Tuesday, May 26, 2009

Kellogg's and Nutrition (Continued)

(Third of four parts)

After speaking with Rick, I noticed that Corn Pops contained only one type of grain—corn—which led to my second call, asking if all of the three cereals qualified for the Department of Agriculture’s Child Nutrition Program.

Veronica (yes, the same Veronica who fielded my call about Hot Fudge Sundae Pop-Tarts in January) assertively stated that the reason the three cereals qualified had nothing to do with increased grain levels, as Rick had confidently declared. Instead, the cereals qualified because their amounts of sugar, fat and calories fell below Food and Drug Administration guidelines.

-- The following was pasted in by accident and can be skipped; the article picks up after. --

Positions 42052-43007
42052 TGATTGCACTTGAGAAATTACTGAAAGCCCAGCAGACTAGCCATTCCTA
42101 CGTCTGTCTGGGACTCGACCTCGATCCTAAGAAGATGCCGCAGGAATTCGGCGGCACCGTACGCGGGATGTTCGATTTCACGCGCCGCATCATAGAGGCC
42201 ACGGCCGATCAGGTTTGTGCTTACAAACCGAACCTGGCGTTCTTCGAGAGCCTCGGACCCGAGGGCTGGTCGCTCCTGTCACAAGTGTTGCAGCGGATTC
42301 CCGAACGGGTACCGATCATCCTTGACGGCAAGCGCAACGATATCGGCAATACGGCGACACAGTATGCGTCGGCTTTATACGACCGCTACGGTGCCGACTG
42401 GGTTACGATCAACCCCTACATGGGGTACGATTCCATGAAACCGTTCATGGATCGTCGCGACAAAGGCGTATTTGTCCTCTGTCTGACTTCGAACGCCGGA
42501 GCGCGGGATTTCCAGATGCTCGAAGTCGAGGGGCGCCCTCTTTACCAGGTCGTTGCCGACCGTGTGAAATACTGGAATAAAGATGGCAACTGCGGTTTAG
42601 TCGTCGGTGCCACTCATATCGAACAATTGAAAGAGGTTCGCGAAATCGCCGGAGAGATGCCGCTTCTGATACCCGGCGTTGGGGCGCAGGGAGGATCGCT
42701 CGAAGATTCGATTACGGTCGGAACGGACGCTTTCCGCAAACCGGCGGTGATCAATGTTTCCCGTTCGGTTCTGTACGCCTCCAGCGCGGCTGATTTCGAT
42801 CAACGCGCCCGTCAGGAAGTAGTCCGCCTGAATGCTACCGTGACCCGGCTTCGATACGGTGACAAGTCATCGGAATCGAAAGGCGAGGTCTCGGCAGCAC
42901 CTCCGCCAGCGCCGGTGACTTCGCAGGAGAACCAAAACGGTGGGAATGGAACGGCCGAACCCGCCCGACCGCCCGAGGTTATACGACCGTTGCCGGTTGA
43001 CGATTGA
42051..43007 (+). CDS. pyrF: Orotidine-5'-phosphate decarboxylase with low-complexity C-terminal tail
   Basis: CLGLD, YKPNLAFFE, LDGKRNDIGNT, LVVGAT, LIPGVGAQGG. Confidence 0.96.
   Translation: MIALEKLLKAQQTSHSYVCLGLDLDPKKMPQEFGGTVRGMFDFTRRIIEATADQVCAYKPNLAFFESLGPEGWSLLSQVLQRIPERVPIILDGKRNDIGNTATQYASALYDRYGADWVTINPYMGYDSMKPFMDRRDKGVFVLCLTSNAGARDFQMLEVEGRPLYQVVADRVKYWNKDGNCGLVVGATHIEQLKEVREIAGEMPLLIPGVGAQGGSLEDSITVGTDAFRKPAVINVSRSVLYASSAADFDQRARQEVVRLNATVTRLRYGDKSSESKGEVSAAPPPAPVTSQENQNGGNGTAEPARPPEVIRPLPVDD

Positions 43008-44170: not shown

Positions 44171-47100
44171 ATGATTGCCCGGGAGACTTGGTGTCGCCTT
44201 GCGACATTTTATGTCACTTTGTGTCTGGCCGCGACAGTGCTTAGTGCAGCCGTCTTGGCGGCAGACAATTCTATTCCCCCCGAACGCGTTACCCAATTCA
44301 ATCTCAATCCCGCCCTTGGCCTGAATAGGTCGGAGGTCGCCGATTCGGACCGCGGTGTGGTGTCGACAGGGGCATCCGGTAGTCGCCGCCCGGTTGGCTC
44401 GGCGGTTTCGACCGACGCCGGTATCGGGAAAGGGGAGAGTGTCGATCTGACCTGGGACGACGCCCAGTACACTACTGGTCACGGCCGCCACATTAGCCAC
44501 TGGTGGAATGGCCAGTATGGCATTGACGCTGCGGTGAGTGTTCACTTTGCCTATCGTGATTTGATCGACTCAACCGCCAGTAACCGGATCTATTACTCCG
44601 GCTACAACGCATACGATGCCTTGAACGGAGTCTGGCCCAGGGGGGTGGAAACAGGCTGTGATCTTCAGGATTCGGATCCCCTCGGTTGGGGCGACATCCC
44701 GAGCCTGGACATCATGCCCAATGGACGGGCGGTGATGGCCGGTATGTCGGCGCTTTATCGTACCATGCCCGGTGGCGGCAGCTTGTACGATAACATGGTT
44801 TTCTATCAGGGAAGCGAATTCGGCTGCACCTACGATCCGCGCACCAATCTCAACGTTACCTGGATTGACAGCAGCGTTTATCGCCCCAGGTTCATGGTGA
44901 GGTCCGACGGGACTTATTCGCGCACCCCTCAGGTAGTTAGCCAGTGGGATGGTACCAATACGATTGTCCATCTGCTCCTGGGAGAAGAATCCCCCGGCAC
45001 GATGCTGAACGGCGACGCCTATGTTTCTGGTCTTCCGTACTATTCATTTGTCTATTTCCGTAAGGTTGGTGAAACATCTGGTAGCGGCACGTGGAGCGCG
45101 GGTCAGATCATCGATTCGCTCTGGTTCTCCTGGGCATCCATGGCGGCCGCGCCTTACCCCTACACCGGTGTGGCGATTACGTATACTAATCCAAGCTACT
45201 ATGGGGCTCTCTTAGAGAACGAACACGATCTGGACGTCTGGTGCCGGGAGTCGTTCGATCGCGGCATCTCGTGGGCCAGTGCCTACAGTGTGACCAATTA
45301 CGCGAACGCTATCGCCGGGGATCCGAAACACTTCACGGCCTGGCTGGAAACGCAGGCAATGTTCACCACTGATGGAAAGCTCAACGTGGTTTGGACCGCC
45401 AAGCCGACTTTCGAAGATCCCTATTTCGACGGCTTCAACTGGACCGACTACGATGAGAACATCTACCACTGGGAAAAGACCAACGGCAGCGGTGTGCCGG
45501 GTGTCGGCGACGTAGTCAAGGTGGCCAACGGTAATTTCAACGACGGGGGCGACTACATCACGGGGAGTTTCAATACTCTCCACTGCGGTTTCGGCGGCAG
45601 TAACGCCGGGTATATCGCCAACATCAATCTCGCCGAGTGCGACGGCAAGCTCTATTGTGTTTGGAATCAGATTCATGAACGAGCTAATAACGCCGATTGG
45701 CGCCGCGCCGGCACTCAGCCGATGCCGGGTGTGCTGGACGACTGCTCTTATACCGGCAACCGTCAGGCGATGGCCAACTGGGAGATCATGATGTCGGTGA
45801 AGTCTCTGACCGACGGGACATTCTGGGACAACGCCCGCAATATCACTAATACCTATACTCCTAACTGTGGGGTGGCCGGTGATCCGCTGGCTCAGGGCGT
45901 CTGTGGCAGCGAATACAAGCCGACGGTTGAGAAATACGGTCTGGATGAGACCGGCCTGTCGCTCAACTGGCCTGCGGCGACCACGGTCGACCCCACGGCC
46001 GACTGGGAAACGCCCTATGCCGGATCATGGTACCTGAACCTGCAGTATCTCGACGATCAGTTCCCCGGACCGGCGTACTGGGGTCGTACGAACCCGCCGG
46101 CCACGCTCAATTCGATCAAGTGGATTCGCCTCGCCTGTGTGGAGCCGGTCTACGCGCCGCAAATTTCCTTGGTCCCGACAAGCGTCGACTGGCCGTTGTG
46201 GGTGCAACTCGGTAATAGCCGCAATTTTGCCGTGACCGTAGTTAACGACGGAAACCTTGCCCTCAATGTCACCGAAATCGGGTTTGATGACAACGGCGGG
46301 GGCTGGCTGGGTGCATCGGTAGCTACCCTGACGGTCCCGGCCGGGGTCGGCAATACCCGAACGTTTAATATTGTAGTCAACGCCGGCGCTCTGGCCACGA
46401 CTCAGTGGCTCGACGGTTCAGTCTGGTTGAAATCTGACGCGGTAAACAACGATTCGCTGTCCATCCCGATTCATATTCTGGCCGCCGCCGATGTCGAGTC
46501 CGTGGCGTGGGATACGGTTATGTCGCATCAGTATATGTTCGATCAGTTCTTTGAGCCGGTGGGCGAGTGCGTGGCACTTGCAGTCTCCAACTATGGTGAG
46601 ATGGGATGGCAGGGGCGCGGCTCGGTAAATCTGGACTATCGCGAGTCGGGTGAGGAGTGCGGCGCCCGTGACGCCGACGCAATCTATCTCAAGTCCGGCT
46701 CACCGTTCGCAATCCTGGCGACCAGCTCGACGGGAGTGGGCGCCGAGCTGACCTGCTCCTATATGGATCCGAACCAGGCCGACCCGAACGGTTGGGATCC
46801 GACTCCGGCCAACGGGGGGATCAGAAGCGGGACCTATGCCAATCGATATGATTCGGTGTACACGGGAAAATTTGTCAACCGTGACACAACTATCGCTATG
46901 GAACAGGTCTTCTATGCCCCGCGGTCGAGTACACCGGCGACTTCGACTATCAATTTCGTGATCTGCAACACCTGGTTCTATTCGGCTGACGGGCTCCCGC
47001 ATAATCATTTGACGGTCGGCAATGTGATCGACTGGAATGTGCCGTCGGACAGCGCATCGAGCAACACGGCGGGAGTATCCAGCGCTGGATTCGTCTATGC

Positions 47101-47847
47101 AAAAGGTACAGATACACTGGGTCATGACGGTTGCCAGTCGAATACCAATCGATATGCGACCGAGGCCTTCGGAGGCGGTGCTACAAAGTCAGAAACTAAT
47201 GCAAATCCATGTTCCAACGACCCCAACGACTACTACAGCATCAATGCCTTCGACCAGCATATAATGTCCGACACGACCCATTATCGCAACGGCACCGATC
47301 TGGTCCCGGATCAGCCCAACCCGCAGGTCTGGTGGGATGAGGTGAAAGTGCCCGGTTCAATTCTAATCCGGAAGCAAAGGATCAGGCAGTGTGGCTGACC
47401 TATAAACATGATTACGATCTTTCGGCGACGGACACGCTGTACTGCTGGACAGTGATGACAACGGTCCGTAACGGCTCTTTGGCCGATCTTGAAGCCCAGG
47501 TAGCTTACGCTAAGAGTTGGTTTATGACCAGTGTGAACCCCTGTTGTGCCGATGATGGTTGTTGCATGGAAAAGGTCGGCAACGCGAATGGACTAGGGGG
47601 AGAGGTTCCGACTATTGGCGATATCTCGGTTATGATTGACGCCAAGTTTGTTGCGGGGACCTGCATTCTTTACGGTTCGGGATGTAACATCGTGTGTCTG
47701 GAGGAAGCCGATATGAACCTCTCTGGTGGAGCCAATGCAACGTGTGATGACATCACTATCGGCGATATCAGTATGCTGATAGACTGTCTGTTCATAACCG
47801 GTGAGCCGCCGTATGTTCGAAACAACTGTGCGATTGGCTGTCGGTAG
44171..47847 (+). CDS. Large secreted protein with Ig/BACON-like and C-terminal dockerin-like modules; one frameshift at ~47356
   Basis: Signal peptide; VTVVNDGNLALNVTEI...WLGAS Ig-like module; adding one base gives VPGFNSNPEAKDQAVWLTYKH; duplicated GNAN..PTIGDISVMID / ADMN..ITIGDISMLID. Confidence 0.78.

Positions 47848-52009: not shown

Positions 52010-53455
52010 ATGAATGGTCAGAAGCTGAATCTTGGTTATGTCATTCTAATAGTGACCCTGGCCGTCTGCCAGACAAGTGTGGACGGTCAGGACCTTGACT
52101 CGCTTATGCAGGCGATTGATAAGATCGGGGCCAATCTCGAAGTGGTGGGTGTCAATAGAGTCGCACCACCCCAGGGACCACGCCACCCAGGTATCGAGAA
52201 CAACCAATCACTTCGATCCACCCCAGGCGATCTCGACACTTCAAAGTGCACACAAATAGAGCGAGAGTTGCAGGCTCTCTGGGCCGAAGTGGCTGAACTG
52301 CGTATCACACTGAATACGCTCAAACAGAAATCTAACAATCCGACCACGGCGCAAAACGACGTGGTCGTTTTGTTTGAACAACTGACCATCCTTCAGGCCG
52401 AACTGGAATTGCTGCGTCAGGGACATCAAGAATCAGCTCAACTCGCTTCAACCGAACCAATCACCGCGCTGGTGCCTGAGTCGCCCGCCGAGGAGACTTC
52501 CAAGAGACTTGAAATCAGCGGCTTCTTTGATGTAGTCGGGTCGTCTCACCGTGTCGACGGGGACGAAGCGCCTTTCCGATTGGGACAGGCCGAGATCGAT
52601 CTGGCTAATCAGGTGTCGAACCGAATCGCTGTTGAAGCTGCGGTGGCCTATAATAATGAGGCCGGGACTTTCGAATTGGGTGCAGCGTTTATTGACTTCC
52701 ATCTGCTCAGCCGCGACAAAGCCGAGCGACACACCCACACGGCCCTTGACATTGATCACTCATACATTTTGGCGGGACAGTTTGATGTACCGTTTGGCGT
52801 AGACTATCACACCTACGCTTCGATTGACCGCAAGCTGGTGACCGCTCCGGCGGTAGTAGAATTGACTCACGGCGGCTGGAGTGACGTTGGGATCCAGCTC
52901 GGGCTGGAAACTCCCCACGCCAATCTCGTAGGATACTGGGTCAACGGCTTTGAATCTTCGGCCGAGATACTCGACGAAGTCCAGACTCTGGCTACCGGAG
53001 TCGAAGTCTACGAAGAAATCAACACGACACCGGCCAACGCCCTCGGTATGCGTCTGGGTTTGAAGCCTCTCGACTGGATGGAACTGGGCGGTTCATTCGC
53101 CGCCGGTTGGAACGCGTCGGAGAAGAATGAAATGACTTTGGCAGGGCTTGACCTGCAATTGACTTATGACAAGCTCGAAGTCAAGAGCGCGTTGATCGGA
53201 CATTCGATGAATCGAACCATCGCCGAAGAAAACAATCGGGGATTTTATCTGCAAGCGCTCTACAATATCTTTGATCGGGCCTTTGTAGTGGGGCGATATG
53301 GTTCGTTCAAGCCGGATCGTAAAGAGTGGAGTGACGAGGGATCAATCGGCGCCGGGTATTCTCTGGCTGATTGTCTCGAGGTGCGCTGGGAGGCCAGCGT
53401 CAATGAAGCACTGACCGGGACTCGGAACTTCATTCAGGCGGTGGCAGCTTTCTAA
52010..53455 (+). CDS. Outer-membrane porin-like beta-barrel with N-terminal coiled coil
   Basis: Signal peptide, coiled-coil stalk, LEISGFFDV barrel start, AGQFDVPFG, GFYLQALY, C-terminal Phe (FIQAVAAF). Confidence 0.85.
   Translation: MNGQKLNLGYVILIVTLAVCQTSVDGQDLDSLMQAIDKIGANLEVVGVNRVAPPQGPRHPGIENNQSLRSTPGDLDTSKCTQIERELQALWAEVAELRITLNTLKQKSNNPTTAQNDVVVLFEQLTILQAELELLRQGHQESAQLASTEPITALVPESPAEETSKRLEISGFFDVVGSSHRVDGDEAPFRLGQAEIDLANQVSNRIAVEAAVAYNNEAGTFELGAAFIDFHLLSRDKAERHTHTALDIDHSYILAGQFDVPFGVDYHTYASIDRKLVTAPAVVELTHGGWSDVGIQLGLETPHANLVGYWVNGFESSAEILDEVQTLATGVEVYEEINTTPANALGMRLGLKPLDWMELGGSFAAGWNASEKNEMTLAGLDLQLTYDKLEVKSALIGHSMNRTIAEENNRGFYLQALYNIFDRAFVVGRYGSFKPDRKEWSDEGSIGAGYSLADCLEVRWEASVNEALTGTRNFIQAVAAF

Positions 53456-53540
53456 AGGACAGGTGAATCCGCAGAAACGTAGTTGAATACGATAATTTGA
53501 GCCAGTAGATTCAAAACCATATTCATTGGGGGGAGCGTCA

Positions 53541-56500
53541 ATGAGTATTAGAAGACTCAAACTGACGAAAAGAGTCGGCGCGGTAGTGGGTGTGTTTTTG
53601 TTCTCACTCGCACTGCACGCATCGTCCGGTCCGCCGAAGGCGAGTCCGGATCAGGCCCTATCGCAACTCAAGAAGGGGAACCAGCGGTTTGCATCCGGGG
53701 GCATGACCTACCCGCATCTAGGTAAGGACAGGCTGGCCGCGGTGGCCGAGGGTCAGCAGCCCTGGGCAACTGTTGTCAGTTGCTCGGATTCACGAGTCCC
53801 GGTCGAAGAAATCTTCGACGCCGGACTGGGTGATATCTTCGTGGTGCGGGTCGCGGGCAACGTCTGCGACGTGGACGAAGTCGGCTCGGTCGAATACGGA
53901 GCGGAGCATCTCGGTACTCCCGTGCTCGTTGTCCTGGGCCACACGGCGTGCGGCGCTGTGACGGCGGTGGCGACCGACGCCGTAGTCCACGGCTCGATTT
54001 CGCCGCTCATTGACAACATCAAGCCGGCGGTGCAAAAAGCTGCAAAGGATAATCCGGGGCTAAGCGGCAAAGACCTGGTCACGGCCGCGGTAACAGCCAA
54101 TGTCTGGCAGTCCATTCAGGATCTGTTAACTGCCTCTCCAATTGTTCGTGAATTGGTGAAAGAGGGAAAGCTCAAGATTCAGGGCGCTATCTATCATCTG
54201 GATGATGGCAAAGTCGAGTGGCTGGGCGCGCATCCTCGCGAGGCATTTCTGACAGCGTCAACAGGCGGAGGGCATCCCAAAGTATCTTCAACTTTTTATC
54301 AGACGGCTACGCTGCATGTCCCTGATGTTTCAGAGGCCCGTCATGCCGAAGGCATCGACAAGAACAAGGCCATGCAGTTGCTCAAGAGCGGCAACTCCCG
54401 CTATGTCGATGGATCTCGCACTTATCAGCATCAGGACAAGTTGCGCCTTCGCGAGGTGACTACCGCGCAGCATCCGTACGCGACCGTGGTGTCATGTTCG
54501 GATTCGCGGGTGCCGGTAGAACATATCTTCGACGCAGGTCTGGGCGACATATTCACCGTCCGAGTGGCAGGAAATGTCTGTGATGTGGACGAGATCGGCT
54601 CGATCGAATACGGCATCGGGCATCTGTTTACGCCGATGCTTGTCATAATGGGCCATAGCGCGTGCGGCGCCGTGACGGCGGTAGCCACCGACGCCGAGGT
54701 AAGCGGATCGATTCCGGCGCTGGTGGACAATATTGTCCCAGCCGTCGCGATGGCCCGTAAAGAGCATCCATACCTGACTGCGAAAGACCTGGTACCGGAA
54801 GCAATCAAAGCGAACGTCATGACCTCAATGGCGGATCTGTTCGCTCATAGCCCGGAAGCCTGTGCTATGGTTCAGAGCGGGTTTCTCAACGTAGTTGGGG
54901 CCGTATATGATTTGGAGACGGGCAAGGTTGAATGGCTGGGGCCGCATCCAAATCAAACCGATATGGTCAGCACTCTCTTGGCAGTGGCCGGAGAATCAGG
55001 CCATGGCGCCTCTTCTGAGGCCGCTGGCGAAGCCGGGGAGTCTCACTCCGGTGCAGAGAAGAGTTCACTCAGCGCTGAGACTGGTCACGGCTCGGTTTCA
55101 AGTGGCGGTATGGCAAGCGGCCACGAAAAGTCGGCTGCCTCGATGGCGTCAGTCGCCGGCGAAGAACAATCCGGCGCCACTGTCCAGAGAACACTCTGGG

According to Veronica, under a new F.D.A. policy instituted in June 2008, “foods had to have less than the threshold levels of sugar to be able to be advertised to kids.”

Kellogg’s, Veronica said, “reformulated their products to be able to advertise to kids.”

Despite my protestations about the incompatibility between her answer and Rick’s, Veronica was adamant about the veracity of her response.

About an hour later, as I was looking at my notes, I realized a major disconnect existed between my question to Veronica and her answer. I had asked about a U.S.D.A. program; Veronica’s answer revolved around the F.D.A. The U.S.D.A. and F.D.A. are separate governmental organizations with distinct infrastructures and responsibilities.

(Tomorrow: A third call and resolution)

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